Okay, so you're a hard-core geek and you want to know how write your
own chemical informatics toolkit, so that you too will get fun, fame,
fortune, and fem----... err, MOTAS. As far as I know, there is no
documentation or textbook on this topic. The chemical informatics
books I've seen all talk about the science of how the fields work, not
the software, and of course almost no computer science book goes into
chemistry, other than some mention that graph theory can be applied to
the valence bond model of molecules. Let me be your trusty guide on
through these uncharted electrons.
I'll start with SMILES since it's such a pretty, well-defined nomenclature. Eventually I'll describe SD and perhaps mol2 files, and a bit of the agony that is the PDB. I'll assume you know what SMILES is. If not, Daylight has a plenty of documentation.
If you have a compound which falls into Daylight's model of chemistry (ie, covalent bonds, in a ground state, etc.) then it can be represented as a SMILES string, or alternatively you can say that it's represented in SMILES. A SMILES string can be broken down into smaller terms; atom, bond, open branch, close branch, ring closure, and dot disconnect. To make the enumeration easier to understand, I'll separate the atom term into "element" and "atom", where the first is an atom in the organic subset and may be written without square brackets.
- element: one of 'c', 'n', 'o', 's', 'p', 'B', 'C', 'N', 'O', 'F', 'P', 'S', 'I', 'Cl', or 'Br'.
- atom: of the form '[' mass? symbol chiral? hcount? charge? ']'
where the '?' means the given component is optional and where
- mass: a non-negative integer
- symbol: one of '*', 'H', 'He', 'Li', 'Be', .... the element symbols
- chiral: one of the chiral symbols (which I won't list right now)
- hcount: a non-negative integer
- charge: the atomic charge, written as '+' followed by either a non-negative integer or 0 or more '+'s, or a '-' followed either a non-negative integer or zero or more '-'s.
- bond: one of '=', '#', '/', '\', ':', '~', or '-'.
- open branch: the character '('
- close branch: the character ')'
- ring closure: either a single digit (including 0, but don't use a 0 when generating a SMILES string) or '%' followed by two digits (and note that %09 and 9 represent the same ring closure).
- dot disconnect: the character '.'
What I've done here is break a SMILES string into its smallest parts. In linguistics these parts are called morphemes (or is that lexemes?). In computer science these are called tokens. Here are some SMILES strings and their tokens.
open branch: '('
close branch: ')'
dot disconnect: '.'
Tokens are not randomly placed in a SMILES string. There is a pattern to how these tokens are arranged; an atom can follow another atom but a bond cannot follow another bond, and a close branch cannot follow an open branch. With some work it's possible to build a table listing which terms can and cannot follow another.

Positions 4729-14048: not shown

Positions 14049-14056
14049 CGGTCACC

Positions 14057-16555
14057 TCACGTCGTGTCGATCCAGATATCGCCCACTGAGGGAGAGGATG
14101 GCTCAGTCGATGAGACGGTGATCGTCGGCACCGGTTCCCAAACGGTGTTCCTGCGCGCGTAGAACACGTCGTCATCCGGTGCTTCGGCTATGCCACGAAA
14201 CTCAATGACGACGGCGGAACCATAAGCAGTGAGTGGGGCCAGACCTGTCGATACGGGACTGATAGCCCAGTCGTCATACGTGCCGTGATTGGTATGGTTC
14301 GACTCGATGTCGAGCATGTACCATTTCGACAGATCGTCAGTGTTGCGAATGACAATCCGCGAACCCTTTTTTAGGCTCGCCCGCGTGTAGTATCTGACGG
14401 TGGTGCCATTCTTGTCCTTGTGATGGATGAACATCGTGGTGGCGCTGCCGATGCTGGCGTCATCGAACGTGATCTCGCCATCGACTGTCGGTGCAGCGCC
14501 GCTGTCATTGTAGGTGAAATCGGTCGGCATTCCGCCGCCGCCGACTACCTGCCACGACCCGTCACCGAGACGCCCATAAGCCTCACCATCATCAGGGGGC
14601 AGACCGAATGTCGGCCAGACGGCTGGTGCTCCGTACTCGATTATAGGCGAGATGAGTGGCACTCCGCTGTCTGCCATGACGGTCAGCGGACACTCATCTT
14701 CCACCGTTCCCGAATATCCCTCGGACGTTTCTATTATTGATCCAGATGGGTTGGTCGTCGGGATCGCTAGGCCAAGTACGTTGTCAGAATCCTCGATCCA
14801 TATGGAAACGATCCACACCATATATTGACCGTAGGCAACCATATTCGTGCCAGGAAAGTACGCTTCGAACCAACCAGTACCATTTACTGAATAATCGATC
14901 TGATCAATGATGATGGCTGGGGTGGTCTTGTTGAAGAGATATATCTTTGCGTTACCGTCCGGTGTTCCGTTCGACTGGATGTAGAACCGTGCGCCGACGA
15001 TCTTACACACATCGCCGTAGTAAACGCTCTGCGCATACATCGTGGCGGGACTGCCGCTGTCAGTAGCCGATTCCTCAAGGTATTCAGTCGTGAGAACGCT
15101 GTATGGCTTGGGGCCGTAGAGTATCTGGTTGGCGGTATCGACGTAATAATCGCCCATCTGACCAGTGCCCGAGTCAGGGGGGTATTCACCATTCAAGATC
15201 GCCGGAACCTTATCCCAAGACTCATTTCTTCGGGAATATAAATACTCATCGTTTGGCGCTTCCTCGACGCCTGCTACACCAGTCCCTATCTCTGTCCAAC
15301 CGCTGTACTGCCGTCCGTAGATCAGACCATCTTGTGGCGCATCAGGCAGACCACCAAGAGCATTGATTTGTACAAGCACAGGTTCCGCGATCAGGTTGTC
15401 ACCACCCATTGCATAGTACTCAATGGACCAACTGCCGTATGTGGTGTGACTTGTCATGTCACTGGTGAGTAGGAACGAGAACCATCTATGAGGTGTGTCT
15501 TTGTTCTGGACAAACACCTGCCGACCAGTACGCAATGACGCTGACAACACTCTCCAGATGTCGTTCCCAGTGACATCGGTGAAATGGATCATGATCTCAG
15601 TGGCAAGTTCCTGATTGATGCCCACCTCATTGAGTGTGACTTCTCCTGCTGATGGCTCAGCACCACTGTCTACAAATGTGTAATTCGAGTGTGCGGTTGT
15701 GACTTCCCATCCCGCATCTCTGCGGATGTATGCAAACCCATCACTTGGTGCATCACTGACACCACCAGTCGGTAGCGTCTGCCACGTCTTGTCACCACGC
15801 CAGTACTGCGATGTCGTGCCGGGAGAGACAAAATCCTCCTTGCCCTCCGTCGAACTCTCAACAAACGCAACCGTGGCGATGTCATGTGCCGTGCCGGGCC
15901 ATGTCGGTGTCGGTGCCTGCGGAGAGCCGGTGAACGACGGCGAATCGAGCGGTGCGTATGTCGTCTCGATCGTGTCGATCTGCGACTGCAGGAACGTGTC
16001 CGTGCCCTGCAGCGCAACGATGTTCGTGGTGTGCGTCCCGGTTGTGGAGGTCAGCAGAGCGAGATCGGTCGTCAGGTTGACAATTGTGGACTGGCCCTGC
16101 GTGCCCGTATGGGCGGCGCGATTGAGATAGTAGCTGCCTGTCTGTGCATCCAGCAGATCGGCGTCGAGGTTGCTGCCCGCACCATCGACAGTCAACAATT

|atom||bond||open branch||close branch||ring closure||dot disconnect|
|start||C||no||no (see below)||no||no||no (see below)|
|dot disconnect||C.C||no||no||no||no||no (see below)|
- Daylight's old documentation allows (OC)C as a valid SMILES but their implementation did not handle it. The new documentation (changed in late 2003, I think) doesn't mention that case. OpenEye does handle it, except that when I tested it in Sept. 2003 it didn't seem to handle chirality correctly with cases like (C/F)=C/F. I reported it but haven't tested it with a newer version of OEChem. In any case, no program should ever generate a SMILES like that (since Daylight will call it an error) so I recommend not handling it.
- Daylight doesn't accept anything which starts with a dot disconnect (as ".C") nor anything with two disconnects in a row (as "C..C"). OpenEye does accept them under its permissive parser but not its strict one. For now I'll be strict and say that they aren't allowed.
Even this isn't enough to describe all valid SMILES string. For examples, "C)O" is allowed with the given rules, even though it obviously makes no real sense, and "ccC", while also legal, makes no chemical sense because the aromatic carbons must be in a ring. Still, there's a lot that can be done with just simple tokenization. The next step is to parse the token stream.
Andrew Dalke is an independent consultant focusing on software development for computational chemistry and biology. Need contract programming, help, or training? Contact me
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